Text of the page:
Nevertheless all of the above forms of business organisation were premised on individual liability for whole of the debts of the concern. Traditionally only specialised community businesses such as guilds shared features akin to limited liability. This led to demand for limited liability partnerships that is, where partners were not responsible for the personal debts of other partners but all the partners were responsible for the debt of the partnership. The relationship between personal debt and partnership debt, that is, questions of which creditors would be preferred while paying back the money if the partner and the partnership both became insolvent, was complex. There was a need for a form of business organisation where the personality of the business was also entirely separate from that of its members and the liability of the members would be limited to the amount contributed by them to the business. With such a model, creditors would be assured of the financial standing of the business before they provide any debt to the business. Moreover, the members would be saved from the unlimited liability to the creditors of the business. The industrial revolution and the increased trade between countries dramatically increased the scales of production and businesses. The increasing exchange of goods and services at a global level required more manpower and a higher commitment of capital. This in turn gave rise to a need for a form of business organisation that permitted hundreds or even thousands of people with varied roles to work together for the production of goods and services and profitability. At this scale, as I have discussed, the legal fictions of a separate legal personality and limited liability were required as in its absence, entrepreneurs were discouraged from scaling up and engaging in international trade. The earliest forms of limited liability corporations were established by the state using an institutional charter to provide legitimacy to a form of business organisation that would be distinct from its ownership in terms of personal liability.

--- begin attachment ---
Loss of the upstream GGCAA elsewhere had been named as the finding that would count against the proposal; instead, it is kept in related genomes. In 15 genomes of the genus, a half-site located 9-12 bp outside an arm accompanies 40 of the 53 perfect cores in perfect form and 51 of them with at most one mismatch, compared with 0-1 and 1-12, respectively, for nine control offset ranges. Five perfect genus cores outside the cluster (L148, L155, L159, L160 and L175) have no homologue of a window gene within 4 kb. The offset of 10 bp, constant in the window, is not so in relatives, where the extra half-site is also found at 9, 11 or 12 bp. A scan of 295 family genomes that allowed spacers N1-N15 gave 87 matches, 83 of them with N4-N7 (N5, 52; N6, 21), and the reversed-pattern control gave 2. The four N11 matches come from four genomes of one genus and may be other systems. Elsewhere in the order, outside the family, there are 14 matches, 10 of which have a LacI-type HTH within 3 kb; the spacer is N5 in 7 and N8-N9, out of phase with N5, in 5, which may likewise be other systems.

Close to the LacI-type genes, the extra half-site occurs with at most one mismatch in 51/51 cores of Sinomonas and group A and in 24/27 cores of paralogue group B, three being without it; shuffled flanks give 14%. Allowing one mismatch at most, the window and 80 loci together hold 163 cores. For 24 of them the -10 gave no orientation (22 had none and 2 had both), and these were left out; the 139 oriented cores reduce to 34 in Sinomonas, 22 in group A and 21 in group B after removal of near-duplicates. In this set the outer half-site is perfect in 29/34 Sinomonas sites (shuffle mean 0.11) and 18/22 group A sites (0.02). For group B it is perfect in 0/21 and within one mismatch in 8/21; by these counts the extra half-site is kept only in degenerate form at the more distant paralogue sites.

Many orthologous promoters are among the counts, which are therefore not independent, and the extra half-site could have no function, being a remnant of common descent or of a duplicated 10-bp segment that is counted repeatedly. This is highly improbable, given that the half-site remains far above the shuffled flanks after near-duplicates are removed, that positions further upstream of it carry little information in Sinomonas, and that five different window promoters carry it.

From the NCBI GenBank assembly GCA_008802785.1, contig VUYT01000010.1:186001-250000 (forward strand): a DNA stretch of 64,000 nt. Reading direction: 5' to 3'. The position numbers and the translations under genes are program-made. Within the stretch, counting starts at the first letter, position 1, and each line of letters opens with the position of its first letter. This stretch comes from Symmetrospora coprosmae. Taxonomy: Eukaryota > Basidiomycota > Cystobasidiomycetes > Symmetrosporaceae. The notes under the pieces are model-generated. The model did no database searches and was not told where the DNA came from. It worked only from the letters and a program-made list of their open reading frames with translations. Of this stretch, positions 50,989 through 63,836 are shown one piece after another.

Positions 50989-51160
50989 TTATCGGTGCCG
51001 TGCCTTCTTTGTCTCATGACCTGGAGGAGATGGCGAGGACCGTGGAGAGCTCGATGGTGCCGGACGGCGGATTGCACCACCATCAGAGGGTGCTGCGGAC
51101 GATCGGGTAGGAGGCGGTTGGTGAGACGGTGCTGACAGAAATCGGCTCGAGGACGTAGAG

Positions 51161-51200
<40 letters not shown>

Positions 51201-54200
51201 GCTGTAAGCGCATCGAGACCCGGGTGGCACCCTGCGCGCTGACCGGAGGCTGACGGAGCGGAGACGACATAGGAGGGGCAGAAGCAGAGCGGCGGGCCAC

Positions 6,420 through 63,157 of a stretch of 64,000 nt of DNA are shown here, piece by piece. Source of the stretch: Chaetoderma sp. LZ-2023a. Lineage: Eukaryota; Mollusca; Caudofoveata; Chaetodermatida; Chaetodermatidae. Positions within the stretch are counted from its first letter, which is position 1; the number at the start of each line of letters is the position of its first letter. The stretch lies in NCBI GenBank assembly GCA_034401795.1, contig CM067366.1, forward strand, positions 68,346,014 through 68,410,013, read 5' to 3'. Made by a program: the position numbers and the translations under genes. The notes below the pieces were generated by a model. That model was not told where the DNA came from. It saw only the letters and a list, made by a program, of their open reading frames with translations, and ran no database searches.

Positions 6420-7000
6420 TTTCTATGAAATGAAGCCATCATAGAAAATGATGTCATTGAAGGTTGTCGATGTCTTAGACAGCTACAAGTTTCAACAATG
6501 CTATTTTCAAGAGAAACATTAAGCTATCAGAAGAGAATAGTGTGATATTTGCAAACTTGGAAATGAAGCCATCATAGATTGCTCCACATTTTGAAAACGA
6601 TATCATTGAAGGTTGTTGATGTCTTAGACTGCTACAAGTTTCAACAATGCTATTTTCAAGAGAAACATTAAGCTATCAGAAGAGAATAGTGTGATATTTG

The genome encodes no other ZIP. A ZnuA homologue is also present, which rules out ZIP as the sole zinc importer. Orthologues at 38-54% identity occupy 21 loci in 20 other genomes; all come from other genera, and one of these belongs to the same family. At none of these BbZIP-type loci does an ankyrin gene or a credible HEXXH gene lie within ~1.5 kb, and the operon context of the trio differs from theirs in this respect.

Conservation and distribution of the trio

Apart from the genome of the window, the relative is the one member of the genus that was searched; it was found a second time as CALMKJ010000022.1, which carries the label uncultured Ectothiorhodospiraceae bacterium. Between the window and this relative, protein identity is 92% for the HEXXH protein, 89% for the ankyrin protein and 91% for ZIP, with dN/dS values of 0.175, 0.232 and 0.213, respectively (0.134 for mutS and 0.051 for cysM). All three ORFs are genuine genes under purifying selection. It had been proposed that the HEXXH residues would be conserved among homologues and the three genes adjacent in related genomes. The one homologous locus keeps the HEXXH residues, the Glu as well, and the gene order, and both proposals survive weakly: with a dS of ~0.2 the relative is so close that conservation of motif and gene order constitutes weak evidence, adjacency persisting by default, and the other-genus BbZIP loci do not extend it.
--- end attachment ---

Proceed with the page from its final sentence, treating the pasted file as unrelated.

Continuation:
The need to protect shareholder interests
Especially where the ownership had devolved to the public at large to gain greater access to capital, a natural corollary to the separation of functions in a corporation was the need to align the interests of the owners and the management of the business. Thus, a group of experienced persons were designated as nominees of the shareholders and held responsible for the decision-making of the corporation. These representatives of the shareholders of the corporation came to be known as the Board of Directors and provided overall direction and oversight of the corporation’s business. The actual deployment of resources was tasked to managers who were specialist employees.